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FIRST-PERSON: Rosa Parks, a profile in courage

McMINNVILLE, Ore. (BP)–Hear the word “courage,” and what comes to mind? White crosses covering Arlington National Cemetery? A firefighter entering a burning building? A single mother laboring at two jobs to provide for her family?

Courage comes packaged in a variety of forms and performs on a myriad of stages. In a very real sense, courage is in the eye of the beholder.

For those who view freedom and equality as priceless ideals, courage is personified by a petite black woman whose award-winning performance occurred almost 50 years ago. And, though she died recently, her performance lives on.

Rosa Parks, the catalyst for the civil rights movement, died at her home in Detroit Oct. 24. She was 92 years old. Her courageous moment took place the afternoon of Dec. 1, 1955, on a city bus in Montgomery, Ala.

Montgomery’s Jim Crow laws for the public bus system were, at best, humiliating. Black riders were required to pay their fare to the driver, exit and re-board through the bus’s rear door — that is, if the bus driver let them on at all.

“[M]any times, even if you did that [paid the fare], you might not get on the bus at all,” Parks recalled. “They’d shut the door, drive off, and leave you standing there.”

In 1943, Parks was even forced off a bus because she entered through the front door and not the rear.

Although 75 percent of passengers were black, the front four rows of seats were always reserved for whites. Behind these seats was a middle section that blacks could use only if there was no white demand. However, if just one white passenger needed a seat in the middle row, all the blacks in that section had to move.

In December 1955, at the end of a day’s work as a seamstress at the Montgomery Fair department store, Parks boarded the Cleveland Avenue bus. She took a seat in the first row of the “colored section.”

After Parks was seated, the driver demanded that she and three other blacks move so that a lone white man could sit. Three of them complied, but Rosa Parks refused.

Recalling the incident for a public television series on the civil rights movement, Parks said, “When he saw me still sitting, he asked if I was going to stand up and I said, ‘No, I’m not.’”

When the bus driver told her he would call the police if she would not give up her seat, Parks replied simply, “You may do that.”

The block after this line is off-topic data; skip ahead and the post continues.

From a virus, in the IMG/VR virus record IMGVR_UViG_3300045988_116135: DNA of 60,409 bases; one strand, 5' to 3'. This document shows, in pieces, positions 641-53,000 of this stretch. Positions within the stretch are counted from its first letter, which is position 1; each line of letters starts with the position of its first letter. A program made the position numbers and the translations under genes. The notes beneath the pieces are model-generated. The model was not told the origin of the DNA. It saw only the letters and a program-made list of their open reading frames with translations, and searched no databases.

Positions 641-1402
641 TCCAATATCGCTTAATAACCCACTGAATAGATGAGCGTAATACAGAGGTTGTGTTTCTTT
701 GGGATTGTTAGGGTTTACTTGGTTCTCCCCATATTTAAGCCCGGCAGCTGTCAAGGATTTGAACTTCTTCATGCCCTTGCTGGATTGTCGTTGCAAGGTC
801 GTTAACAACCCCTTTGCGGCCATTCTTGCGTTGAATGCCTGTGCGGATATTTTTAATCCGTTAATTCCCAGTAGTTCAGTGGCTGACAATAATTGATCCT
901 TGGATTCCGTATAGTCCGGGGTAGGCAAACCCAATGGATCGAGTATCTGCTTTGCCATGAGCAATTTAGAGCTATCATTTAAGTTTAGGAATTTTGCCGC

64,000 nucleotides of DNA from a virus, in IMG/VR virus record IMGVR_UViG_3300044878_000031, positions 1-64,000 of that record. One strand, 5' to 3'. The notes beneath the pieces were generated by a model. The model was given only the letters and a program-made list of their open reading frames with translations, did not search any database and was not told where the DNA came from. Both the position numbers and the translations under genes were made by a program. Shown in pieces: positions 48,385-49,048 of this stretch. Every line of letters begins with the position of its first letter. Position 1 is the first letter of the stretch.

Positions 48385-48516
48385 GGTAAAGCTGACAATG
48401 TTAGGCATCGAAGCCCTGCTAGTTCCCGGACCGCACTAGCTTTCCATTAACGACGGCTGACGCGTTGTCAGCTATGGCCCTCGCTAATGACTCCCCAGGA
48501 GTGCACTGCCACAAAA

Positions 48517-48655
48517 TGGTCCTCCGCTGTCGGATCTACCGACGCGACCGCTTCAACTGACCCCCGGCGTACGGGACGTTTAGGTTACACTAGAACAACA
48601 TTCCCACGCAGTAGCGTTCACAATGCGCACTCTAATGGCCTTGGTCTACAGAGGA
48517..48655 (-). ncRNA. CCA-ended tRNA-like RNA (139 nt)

In her autobiography, “My Story,” Parks wrote: “People always say that I didn’t give up my seat because I was tired, but that isn’t true. I was not tired physically, or no more tired that I usually was at the end of a working day. I was not old, although some people have an image of me as being old. I was forty-two. No, the only tired I was, was tired of giving in.”

For Rosa Parks, being asked again to give up her seat on the bus was the straw that broke the camel’s back.

For the civil rights movement it was the tipping point — the moment of critical mass, the threshold, the boiling point, the point when everyday things reach epidemic proportions.

Like Parks, blacks all over Montgomery –- all over the South, all over America — were tired of giving in to unjust laws.

Parks was arrested on a Thursday. The ensuing Monday the Montgomery bus boycott began. It lasted 381 days and resulted in the desegregation of the bus system. Eventually, Parks’ case resulted in the U.S. Supreme Court’s ruling that segregated bus service was unconstitutional.

On Dec. 1, 1955, Rosa Parks became the spark that ignited the torch of the civil rights movement.

“At the time I was arrested I had no idea it would turn into this,” Parks said decades after the incident. “It was just a day like any other. The only thing that made it significant was the masses of people that joined in.”

I cannot imagine the courage it took to ignore the bus driver’s demand. At the time blacks were intimidated, beaten and killed simply because of their skin color.

I cannot comprehend the courage it took to challenge the institutionalized racism of the South. Parks and her husband lost their jobs and received death threats due to her actions.

While I may not be able truly to fathom it, I can marvel and be inspired by Parks’ courageous action.

“Courage is contagious,” Billy Graham once said. “When a brave man takes a stand, the spines of others are often stiffened.”

Through the eyes of this beholder, not only does Rosa Parks epitomize the famed evangelist’s statement, she also personifies courage.
Kelly Boggs is pastor of the Portland-area Valley Baptist Church in McMinnville, Ore. His column appears each Friday in Baptist Press.

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  • Kelly Boggs